But because this was all completed right after my mastectomy in August, when my husband lost his job in March, I lost the ability to pay for the rest of the breast reconstruction surgery using my husband’s health insurance, and my plastic surgeon doesn’t accept the health insurance I am on.
So I had to resubmit my grant application and request the full amount for the surgery from The AiRS Foundation, which is $6,714. I received that, which was wonderful. However, my surgery has now been delayed by eight months and my next appointment to see my plastic surgeon is in November.
With the pandemic, I don’t know if we will be able to set a surgery date for November or December or if we will have to wait until the New Year. It’s frustrating, but I’m just taking it a day at a time. I know things are going to move forward and I have to be patient because COVID-19 has impacted many people’s lives. I’m lucky that my cancer was caught in time and that I have had very good doctors.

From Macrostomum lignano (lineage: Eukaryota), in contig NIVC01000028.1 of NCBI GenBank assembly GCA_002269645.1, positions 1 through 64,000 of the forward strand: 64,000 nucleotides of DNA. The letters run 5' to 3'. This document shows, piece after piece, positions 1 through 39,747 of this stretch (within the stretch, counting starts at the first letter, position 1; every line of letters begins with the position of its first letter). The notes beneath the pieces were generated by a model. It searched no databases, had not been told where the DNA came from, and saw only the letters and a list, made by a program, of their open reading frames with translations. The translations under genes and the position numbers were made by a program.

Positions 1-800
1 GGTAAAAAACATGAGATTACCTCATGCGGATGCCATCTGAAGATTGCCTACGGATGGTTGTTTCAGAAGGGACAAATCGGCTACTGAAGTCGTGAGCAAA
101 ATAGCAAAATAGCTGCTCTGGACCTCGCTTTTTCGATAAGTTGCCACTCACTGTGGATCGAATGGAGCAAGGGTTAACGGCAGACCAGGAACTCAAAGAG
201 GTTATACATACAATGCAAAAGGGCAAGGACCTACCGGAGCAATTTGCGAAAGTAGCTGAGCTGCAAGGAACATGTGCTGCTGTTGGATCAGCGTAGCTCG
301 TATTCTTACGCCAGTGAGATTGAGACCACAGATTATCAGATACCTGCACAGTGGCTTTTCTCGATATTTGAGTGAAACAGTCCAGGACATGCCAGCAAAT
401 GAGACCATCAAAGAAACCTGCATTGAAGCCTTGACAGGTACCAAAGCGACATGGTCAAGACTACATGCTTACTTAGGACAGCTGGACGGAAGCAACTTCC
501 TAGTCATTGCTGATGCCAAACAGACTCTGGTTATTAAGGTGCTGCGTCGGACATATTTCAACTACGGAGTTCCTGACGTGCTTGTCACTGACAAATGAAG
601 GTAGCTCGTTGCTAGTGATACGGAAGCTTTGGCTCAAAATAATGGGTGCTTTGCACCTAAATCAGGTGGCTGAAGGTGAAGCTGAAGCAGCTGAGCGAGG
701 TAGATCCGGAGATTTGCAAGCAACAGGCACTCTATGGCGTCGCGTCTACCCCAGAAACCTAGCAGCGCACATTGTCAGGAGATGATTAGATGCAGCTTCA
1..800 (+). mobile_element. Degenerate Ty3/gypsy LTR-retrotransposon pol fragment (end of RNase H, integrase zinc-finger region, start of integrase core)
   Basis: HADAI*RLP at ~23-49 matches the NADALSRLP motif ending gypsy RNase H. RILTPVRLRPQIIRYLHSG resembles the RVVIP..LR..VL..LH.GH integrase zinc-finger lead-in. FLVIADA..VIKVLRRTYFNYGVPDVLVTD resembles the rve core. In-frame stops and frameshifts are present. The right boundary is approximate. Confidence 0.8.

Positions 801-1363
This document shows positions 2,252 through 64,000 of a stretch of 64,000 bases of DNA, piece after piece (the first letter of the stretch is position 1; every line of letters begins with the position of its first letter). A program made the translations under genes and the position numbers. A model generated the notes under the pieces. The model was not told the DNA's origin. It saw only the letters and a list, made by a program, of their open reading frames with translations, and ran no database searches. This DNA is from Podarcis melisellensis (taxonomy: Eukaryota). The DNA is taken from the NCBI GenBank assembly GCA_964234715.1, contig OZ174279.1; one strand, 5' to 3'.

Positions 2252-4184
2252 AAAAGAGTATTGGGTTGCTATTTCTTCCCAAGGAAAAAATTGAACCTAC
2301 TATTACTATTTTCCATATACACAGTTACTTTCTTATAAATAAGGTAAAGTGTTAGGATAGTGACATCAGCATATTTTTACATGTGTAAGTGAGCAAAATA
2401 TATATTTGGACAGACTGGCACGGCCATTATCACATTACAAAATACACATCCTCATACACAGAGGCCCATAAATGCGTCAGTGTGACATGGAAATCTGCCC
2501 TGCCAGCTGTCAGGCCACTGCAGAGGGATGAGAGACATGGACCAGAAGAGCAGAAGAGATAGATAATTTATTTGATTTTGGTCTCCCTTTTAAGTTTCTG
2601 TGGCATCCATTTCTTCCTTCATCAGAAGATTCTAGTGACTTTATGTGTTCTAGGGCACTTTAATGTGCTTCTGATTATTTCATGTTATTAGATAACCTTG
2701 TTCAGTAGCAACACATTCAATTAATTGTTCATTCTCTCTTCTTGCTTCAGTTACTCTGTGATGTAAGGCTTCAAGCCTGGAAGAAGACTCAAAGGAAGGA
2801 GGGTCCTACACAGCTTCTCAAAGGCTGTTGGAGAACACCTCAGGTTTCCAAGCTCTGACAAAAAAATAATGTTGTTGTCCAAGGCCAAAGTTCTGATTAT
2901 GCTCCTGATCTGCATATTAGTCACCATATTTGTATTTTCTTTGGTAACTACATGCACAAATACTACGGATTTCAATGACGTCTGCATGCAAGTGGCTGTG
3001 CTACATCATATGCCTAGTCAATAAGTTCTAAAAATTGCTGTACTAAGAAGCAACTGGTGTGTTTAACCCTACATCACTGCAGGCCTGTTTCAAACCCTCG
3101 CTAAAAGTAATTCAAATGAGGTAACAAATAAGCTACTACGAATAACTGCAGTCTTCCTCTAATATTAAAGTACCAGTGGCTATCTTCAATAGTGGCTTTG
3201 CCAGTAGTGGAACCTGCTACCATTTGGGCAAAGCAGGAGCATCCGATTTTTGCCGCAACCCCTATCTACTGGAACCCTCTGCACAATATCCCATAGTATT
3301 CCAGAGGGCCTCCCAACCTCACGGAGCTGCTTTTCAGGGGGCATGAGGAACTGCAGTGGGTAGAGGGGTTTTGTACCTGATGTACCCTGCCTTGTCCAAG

But it’s very important to me to have reconstructive surgery. I’m in my mid-50s and I wasn’t ready to live without my breasts. Some women can have a mastectomy without the reconstructive surgery, but my breasts were a big part of me. For me to feel whole again, to feel natural and like a woman, I need the reconstruction.
I also lost my hair in January, and I had beautiful, long, thick hair. My breasts and my hair made up a big part of my identity, and I lost both of them. So, I bought a beautiful wig and I put makeup on and wore a mastectomy bra, because I wanted to look and feel my best.
Of course, some people can go out in public without their hair and throw a hat on, and I did use scarves for a while because it was easier during chemo, but afterwards my wig came in really handy. Because I lost my eyelashes and my eyebrows, so I wore fake eyelashes and had my eyebrows tattooed by a permanent make up artist.
A lot of the time makeup artists who do permanent makeup will also do nipple tattooing for women who have had mastectomies. I’m waiting for my implants to get nipple tattoos, and the woman who is doing mine has actually offered to do it for me for free, because she says that’s her way of giving back. I’m paying for the materials, but her labor comes at no cost.